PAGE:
"The Proposal would permit a sale of the 'Partner's Interests' under Section 363, but only 'for cause shown,' and 'unless the Partner's Interests are or are more likely than not to be retained as an asset pursuant to a plan confirmed or more likely than not to be confirmed under chapters 11, 12, or 13 of the Bankrkuptcy Code.' The Committee supports your efforts to ensure that the debtor partner will be able to realize the value of its interests in the partnership. However, in our view, the Proposal creates multiple opportunities for litigation over whether "cause" is shown, whether the Partner's Interests 'are or are more likely than not to be retained' and whether an actual or, worse, a hypothetical plan is 'more likely than not to be confirmed.'" "The Committee is particularly concerned that the Proposal would allow a buyer of the Partner's Interests to be admitted to the partnership as a partner, notwithstanding objections that may be raised by other partners ..." The Committee believes that the protection offered by the Proposal is insufficient."We feel that the standards that are currently set forth in Section 363, as these standards have been developed by the courts in considering asset sales generally, are sufficient for a sale of the Partner's Interests." "The Committee feels that if any partner objects to the admission of a buyer to the partnership, the buyer should not be admitted to the partnership except as permitted by the partnership agreement or other applicable law." The Committee also proposes a revision of Part V.D.2. of the Proposal, for which the revised language is given.
NBRC-
0797
Marcia L. GoldsteinChair, Committee on Bankruptcy & Corporate Reorganization, The Association of the Bar of the City of New York


"The Committee believes that the non-debtor partners, the partnership and creditors of the partnership should be entitled to protection of their respective interests pending a decision by the partner in bankruptcy to assume or reject the partnership agreement."The Committee proposes specific language to modify the Bankruptcy Code as outlined above.
NBRC-
0851
Ralph BrubakerAssistant Professor of Law, Emory University
11
"The Chapter 11 proposal regarding non-debtor liability releases, by proposing that only creditors who agree to a release can be bound, adopts the position I have advocated - that nonconsensual non-debtor releases should not be permitted. In proposing amendments to sections 1123 and 524(e) to authorize discretionary approval of consensual releases, however, the proposal raises issues that I did not address in my article. Consensual non-debtor releases create some very difficult problems that have not been fully addressed by the courts or commentators and which should be more fully considered before any statutory amendments are proposed.""I strongly support the position that nonconsensual non-debtor releases should be prohibited." "I oppose an open-ended authorization of all consensual non-debtor releases, because of the potential coercive and discriminatory aspects of separate consideration releases."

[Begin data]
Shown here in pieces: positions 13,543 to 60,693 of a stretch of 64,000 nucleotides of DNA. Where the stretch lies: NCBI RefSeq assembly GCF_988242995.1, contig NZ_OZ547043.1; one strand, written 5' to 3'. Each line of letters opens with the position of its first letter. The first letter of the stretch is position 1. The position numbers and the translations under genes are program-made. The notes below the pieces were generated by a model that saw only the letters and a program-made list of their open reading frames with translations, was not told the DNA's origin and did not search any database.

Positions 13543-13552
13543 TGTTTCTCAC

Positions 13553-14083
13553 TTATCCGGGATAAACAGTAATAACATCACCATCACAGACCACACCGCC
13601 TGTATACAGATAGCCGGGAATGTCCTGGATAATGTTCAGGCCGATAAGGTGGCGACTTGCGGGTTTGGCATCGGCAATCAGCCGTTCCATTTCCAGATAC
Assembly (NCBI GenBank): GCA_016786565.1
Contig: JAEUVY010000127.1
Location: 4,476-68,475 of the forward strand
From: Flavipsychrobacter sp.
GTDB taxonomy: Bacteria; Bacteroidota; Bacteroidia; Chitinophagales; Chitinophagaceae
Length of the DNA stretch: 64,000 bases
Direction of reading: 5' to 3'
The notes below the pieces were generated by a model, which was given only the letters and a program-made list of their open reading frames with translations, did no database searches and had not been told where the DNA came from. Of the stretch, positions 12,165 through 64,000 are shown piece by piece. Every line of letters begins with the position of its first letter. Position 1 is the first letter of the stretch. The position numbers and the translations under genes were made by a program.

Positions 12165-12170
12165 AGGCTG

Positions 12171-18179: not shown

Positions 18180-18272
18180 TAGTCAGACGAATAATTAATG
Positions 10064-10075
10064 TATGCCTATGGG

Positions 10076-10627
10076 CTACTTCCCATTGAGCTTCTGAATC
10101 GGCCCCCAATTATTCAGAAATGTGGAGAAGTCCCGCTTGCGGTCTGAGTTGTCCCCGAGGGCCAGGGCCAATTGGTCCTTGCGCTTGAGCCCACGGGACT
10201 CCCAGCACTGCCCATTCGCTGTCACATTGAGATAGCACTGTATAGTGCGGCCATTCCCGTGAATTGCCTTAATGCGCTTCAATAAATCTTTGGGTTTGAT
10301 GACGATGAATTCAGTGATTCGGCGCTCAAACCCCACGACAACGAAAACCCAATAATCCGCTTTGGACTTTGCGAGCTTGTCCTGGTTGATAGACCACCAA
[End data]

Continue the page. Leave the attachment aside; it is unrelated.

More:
NBRC-
0890
Larry E. RibsteinGMU Foundation Professor of Law, George Mason UniversityWake Forest Law Review article by author entitled "The Illogic and Limits of Partners' Liability in Bankruptcy"

In general, author believes that bankruptcy law should not supplant state law in the area of partnerships and LLC's without a compelling reason for doing so. "First, federal prohibitions on ipso facto clauses unnecessarily interfere with efficient private contracts." "Second, state competition and experimentation are more likely to produce rules that efficiently balance partner and creditor interests than imposing a single federal law." "Third, state partnership law is better able than federal law to take into account rapidly changing circumstances affecting business organizations." "Fourth, by trupming state law rights, bankruptcy law gives partners and creditors perverse incentives to initiate costly and unnecessary bankruptcy proceedings." Author goes on to discuss particular suggestions he finds objectionable.1) adopt Proposal A to clarify that Code §365 does not apply to partnerships, LlCs or analogous firms; 2) clarify the enforceability of partnership and analogous agreements regarding rights of bankrupt partners; 3) clarify that neigher §362 nor any other Code provision interferes with the effectuation of these agreements; 4) provide that a bankrupt member's rights in a partnership or analogous firm and whether these rights are property of the estate under §541 and subject to control and disposition under §363 are governed by state law.
NBRC-
1138
Amy M. TontiChair, Bankruptcy and Commercial Law Section, The Allegheny County Bar AssociationRecommendations of the Allegheny County Bar Association's Bankruptcy and Commercial Law Section to the National Bankruptcy Review Commission.

Author submits the Recommendations of the Allegheny County Bar Association's Bankruptcy and Commercial Law Section to the National Bankruptcy Review Commission."The Section supports the changing of the status of Bankruptcy Judges from Article I to Article III Judges."
NBRC-
1143
Robert A. GreenfieldCo-Chair, Committee on Court System and Bankruptcy Administration, National Bankruptcy ConferenceNational Bankruptcy Conference - Reforming the Bankruptcy Code

Author writes on behalf of the National Bankruptcy Conference to express its support for Article III status for bankruptcy judges.Author supports Article III status for bankruptcy judges and makes other suggestions for changes to the Code with regard to their powers, including changes if Article III status is not granted.
NBRC-
1169
John A. EdgintonAttorney, Dezurick Edginton & Harrington LLP


"To put it mildly, the fact that bankruptcy judges presently are constituted as Article I judges as opposed to Article III judges, can strongly be argued as a bar to a bankruptcy court's ability to sell vessels free and clear of liens, particularly maritime liens, in an internationally recognized sale." "Because of the present infirmity, however, in order to achieve a rational sale of a commercial vessel free of liens, a bankruptcy judge must grant some form of relief from stay to allow the District Court judge to sell the vessel at an admiralty foreclosure sale. In some cases the District judge, in turn, has empowered the bankruptcy judge actually to carry out this functin as a special master. This is unnecessarily complex.""...I would support Professor Jackson's memorandum to you urging Article III status be given to bankruptcy judges, as was the apparent intent of the 1978 commission."